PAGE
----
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Panel to Re-Subpoena Scanlon

The Senate Indian Affairs Committee plans to reissue a subpoena to former House aide Mike Scanlon after he refused to testify at last week’s hearings scrutinizing $66 million worth of deals he cut with tribal casino clients.

Because Scanlon avoided receiving the subpoena to testify, Sen. Ben Nighthorse Campbell (R-Colo.), the panel’s chairman, said that another, more open-ended subpoena would need to be drafted. Refusal to comply with that document, Campbell added, would lead to immediate contempt of Congress charges.

“He just dodged. I don’t care what his lawyers say,” Campbell said in an interview of the failed attempts to deliver the subpoena last week.

Campbell added that he will almost certainly hold one more hearing this year on the deals that Scanlon and former lobbyist Jack Abramoff cut with six American Indian tribes during a three-year period. If the ongoing committee investigation proceeds quickly enough, Campbell said he hopes to hold two hearings during the lame-duck session that is slated to follow the Nov. 2 elections.

Also, given that Campbell is retiring and both Sens. Daniel Inouye (D-Hawaii) and John McCain (R-Ariz.) — the other top members of the committee — face nominal re-election opposition this fall, the panel also could hold hearings later this month.

Last week’s hearings focused almost entirely on the propriety of charging so much money. The committee found that $66 million went to Scanlon’s public relations firm over three years, while $21 million of that haul was diverted to Abramoff. Another $18 million paid for Abramoff’s lobbying work for the tribes at his former employer, Greenberg Traurig, and countless millions went to a think tank and a charity set up by the men.

But the hearing barely touched on legal questions about the movement of millions of dollars among those entities. In addition, representatives from just two of the six tribes appeared before the panel, which is conducting one of the most extensive investigations in its relatively brief history.

Setting up a game of legalistic and political cat-and-mouse, the committee’s next chance to issue a subpoena to Scanlon comes Wednesday at its regularly scheduled business meeting. No agenda has been released for that meeting, but it’s likely to be the last time the full panel is assembled to approve any more subpoenas in the probe before Congress leaves for the recess on Oct. 8.

Scanlon’s lawyer, Steve Braga, said Friday that he had not yet been contacted by the committee about a second subpoena for his testimony, noting problems with delivery of the last subpoena. While Braga accepted an earlier subpoena in June for documents related to the probe, he never specified he was allowed to accept a subpoena for actual testimony.

This left the committee scrambling early last week to try to deliver the subpoena to Scanlon at his home near the Delaware beaches — an attempt that proved unsuccessful. As Abramoff pleaded the Fifth Amendment and listened to Senators berate him for his actions, Scanlon apparently watched Wednesday’s hearing on C-SPAN’s Web site from his home.

Braga said he still is not authorized to accept a subpoena for Scanlon’s testimony, and would do so only after talking to the panel’s aides about the “logistics” of the hearing. “Would Mike be testifying alone, would he be testifying with others, would he be first, would he be last,” Braga asked.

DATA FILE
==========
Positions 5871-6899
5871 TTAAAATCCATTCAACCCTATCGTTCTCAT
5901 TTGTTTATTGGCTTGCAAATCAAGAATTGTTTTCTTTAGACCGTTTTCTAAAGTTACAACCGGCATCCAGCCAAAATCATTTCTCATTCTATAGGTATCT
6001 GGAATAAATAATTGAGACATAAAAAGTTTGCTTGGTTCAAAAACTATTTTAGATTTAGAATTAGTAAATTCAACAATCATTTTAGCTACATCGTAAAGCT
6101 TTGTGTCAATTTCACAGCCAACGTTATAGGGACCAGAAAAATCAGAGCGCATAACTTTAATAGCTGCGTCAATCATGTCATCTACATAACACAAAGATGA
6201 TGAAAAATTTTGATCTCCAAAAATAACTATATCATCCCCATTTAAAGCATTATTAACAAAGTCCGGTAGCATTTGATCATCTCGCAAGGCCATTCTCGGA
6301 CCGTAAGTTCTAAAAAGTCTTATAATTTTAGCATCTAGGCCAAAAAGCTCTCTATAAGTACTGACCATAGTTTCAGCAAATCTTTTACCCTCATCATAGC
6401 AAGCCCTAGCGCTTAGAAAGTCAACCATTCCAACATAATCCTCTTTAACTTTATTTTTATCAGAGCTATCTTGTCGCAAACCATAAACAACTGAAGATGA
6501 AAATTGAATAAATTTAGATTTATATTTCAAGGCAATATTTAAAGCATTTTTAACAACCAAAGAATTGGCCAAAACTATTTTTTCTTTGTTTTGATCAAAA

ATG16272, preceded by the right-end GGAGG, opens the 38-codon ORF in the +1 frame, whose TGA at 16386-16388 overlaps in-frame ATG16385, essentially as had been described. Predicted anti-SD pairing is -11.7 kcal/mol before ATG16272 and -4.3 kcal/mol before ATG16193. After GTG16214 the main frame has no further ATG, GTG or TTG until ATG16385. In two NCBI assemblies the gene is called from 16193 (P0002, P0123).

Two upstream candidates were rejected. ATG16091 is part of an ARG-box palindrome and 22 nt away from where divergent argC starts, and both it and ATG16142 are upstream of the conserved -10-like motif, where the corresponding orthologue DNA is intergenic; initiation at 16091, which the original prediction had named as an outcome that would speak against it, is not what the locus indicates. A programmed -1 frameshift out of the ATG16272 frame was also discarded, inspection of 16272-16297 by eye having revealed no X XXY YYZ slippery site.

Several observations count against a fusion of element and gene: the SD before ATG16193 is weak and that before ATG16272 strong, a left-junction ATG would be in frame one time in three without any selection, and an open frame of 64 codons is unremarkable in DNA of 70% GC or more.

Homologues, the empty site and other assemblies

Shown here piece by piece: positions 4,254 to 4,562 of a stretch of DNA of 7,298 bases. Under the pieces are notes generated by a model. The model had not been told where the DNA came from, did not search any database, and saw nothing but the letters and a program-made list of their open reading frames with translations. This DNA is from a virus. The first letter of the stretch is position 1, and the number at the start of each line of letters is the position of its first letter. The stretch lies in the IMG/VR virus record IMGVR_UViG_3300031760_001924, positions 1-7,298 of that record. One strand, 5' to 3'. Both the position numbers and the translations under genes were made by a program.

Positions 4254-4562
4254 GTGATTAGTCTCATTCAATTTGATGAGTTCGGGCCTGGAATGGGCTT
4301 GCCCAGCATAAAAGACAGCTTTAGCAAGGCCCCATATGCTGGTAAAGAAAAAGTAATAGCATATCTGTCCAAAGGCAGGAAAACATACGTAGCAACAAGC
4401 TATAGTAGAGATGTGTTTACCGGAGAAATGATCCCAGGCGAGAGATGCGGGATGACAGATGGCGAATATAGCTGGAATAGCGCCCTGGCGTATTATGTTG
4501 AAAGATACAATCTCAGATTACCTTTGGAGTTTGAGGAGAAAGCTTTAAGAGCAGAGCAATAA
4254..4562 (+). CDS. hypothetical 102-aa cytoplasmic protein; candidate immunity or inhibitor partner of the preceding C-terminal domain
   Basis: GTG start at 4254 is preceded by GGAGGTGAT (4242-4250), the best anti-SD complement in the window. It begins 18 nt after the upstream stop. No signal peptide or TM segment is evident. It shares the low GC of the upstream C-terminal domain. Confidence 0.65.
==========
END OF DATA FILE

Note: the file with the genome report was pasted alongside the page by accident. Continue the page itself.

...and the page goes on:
“If it’s reasonable and it makes sense and we can work out appropriate arrangements,” he added, “of course we’d accept service [of the subpoena] through me.”

Braga indicated that if Scanlon doesn’t like the terms of the testimony, however, his client — the former spokesman for Rep. Tom DeLay (R-Texas) — would not let him accept the subpoena, leaving the committee in a position of trying to get U.S. marshals to personally find Scanlon and serve him.

Braga’s statements Friday are a slight modification of a letter he sent to Indian Affairs on Sept. 24, in which he cited the ongoing federal grand jury investigation into the Abramoff-Scanlon dealings for Scanlon’s permanent refusal to give testimony.

“Even if Mr. Scanlon was to be properly served with a subpoena commanding his appearance at any committee hearing, until the Department of Justice investigation is concluded he would have no choice but to exercise his constitutional rights to respectfully decline to testify,” Braga wrote.

Campbell said the only mistake that the committee made was in limiting its subpoena to one day — last Wednesday’s hearing. Because that day has now passed, the subpoena is legally moot. A new subpoena will be issued, and the parameters of its timeline will be broader, so that whenever the committee delivers it to him personally, it will be enforceable, he said.

If Scanlon is eventually served the subpoena, the most likely outcome would be for him to appear before the committee in a deposition or a public hearing and then plead the Fifth Amendment, as Abramoff did.

Otherwise, he runs the risk of contempt of Congress charges, which McCain is already pushing for as early as possible. Until he actually receives a subpoena and defies it, however, Scanlon is not liable for contempt charges.

Those charges would have to be approved by the committee, and then receive a majority vote in the Senate. At that point, a federal judge or federal prosecutor would have to try to enforce the sanctions.

Braga said that process is still not necessary. “Hopefully we can work out a reasonable arrangement and take it from there,” he said.

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